Interestingly enough, Intel doesn't actually expose any of the specific Thunderbolt settings. The Intel board just lets you enable/disable the interface itself:


Hot Plug & Promise Pegasus, Now Supported Under Windows


View All Comments

  • mikbe - Sunday, June 3, 2012 - link

    So it's a non-standard standard that even one of the creators refuses to follow. Sounds really useful.

    I'll wait till they figure it all out; as I imagine most people will. Which of course means it won't ever get popular enough to drop in price so it will be expensive and flacky which will keep people away so it won't ever get popular enough to drop in price so it will be expensive and flacky which will keep people away so it won't ever get popular enough to drop in price so it will be expensive and flacky which will keep people away so it...
  • coder543 - Sunday, June 3, 2012 - link

    what do you mean one of the creators refuses to follow? Reply
  • Impulses - Sunday, June 3, 2012 - link

    Frankly I don't see wide spread adoption of TB on the desktop ever taking root... The cable management argument is debatable (i wouldn't want most cables hanging off my displays), and other applications simply cater to usage cases that are already a niche.

    TB does hold a ton of promise as a docking solution for laptops tho, I certainly hope Intel stands by it and doesn't grind progress to a halt with the cert program. You'd think this would be the prefect complement to their ultrabook push, they should practically be giving the controllers away to ultrabook manufacturers.
  • chaoflux - Sunday, June 3, 2012 - link

    Could you by chance test whether two thunderbolt displays daisy chained works w/ the Intel or Asus motherboard? I have two displays which work fine daisy chained on my mbp w/ os x, but not bootcamp (only 1 display works in bootcamp) - though hot plugging doesn't work either w/ bootcamp on the mbp, so I'm moderately curious if one of these Intel certified boards resolves the dual display in Windows issue as well. Reply
  • repoman27 - Sunday, June 3, 2012 - link

    Curious about this as well, but there's also a good possibility that these boards only use the 2C Cactus Ridge controller or only have a single DP source connected anyway. Reply
  • counter03 - Sunday, June 3, 2012 - link

    for asus p8z77-v premium, is it support three independent displays using Ivy bridge? i mean just connect three monitors to hdmi and dp and thunderbolt on board. Reply
  • repoman27 - Monday, June 4, 2012 - link

    I'm not sure if I just missed it, but it was not clear to me which board you were using for the performance figures that were in the article. Was it the Asus or Intel board that was used for the benchmarks?

    Also, a much more plausible explanation for the modest performance decrease experienced during your Windows tests is that the 15-inch MacBook Pro you originally tested with had the Thunderbolt controller connected to the PCIe lanes coming directly off of the CPU, not the PCH. On that test you were very close to the theoretical maximum throughput of 1028 MB/s (figuring a 128 byte max TLP payload size and bare minimum of overhead.) Trying to get higher aggregate throughput with multiple Thunderbolt devices only works to a point, and then the additional overhead created by multiple devices starts to diminish the bandwidth available for payload data. If you're trying to bury the needle, I think the Pegasus on its own loaded with 4 matched high performance SSDs is the way to go for now.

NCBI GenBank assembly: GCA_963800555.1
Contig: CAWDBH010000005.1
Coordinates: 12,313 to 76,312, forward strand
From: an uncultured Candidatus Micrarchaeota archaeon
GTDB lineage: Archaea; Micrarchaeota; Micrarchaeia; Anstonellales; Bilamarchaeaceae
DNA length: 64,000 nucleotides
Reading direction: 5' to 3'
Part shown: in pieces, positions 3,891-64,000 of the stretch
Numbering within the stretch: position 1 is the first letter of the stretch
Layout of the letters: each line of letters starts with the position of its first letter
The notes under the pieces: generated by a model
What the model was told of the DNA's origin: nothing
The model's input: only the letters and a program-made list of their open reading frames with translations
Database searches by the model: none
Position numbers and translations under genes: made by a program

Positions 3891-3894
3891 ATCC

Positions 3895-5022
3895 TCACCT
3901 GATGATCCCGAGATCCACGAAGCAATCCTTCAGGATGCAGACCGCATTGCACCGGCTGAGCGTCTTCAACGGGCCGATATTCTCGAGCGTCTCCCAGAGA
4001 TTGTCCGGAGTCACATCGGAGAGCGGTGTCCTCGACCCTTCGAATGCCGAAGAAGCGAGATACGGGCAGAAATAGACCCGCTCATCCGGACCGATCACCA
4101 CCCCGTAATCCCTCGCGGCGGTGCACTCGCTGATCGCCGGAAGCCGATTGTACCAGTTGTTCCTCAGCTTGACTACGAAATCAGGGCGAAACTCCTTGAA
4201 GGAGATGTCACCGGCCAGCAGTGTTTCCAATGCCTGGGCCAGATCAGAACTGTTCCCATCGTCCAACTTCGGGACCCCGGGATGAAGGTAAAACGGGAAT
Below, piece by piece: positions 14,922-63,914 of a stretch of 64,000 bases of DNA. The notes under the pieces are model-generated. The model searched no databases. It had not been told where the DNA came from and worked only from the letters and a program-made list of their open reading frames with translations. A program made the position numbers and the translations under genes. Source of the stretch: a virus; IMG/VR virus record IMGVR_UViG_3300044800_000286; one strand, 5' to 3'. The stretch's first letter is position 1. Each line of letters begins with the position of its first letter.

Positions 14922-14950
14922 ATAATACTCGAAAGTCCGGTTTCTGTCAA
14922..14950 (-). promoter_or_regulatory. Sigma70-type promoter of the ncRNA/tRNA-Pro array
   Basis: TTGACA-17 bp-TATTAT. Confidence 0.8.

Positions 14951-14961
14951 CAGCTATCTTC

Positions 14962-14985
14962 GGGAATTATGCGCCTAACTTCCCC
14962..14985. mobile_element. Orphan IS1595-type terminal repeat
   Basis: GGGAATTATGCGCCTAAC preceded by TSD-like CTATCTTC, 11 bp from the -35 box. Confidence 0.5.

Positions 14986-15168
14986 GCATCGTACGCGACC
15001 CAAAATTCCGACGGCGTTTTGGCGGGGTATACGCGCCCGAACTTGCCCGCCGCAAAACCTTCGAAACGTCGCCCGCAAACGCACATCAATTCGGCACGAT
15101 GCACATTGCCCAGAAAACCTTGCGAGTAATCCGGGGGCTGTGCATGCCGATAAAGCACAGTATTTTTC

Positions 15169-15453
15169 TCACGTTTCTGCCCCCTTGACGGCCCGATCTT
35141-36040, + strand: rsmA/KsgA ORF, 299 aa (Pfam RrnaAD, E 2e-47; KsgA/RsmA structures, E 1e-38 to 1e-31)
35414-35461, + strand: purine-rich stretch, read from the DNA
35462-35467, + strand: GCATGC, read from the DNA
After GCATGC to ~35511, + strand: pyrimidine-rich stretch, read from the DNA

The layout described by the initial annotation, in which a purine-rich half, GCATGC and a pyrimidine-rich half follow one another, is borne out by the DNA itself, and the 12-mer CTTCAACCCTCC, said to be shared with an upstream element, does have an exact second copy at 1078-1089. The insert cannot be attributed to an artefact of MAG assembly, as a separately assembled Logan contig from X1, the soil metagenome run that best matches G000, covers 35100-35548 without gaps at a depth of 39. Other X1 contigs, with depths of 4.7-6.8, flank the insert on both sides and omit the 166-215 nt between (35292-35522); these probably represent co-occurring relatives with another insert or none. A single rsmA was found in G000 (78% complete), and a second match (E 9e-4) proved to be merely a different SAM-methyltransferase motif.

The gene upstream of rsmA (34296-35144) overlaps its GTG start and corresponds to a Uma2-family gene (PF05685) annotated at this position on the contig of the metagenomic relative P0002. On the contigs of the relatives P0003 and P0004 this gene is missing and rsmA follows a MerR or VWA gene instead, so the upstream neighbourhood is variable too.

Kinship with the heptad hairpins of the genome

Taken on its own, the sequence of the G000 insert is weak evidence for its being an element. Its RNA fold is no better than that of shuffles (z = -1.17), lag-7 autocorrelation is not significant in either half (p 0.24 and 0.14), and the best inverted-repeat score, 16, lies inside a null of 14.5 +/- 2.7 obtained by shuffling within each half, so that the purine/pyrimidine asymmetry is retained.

I chuckled when I read this bit: "Interfaces like USB are great because you can generally count on anything that physically fits in the port just working." I'm guessing you don't plug printers into your USB ports very often, do you?
  • ypsylon - Monday, June 4, 2012 - link

    Thunderbolt will die virtually over night when external PCI-Express will be introduced. It will be MUCH cheaper, it won't involve patent rights and license buyouts gibberish, it will offer the same bandwidth, and most important ALL desktops are equipped with PCI-Ex lanes already. Need only a simple card with a connector without some proprietary idiocies. In short couldn't care less about Thnunderbolt, leave it for Apple - to use euphemism - followers. It will end like Firewire. The End. Reply
  • bottlething - Monday, June 4, 2012 - link

    Anand, in your Thunderbolt Display review, you mentioned the possibility of combining the ethernet-port on the display with the Mac's ethernet-port (IEEE 802.3ad Link Aggregation).

    This link explains how:

    - What is to be expected of this scenario? (given a local network with a IEEE 802.3ad-compliant switch)

    A similar question on Apple Communities have yet to be replied upon..

    - Any thoughts/experiences/results on this "feature" would be appreciated :)

    Thanks in advance
  • Shadowmaster625 - Monday, June 4, 2012 - link

    My CAD program would choke and die if it tried to make a curved trace.

    Leaving external GPUs aside, what purpose is there to having thunderbolt? You guys dont ever seem to review any docking solutions, but it seems like the new Toshiba Dynadock USB 3.0 can drive two 1080p display and run ethernet and sound and mouse/kb. Right now I would still have to pay more money to use a thunderbolt one-cable dock solution.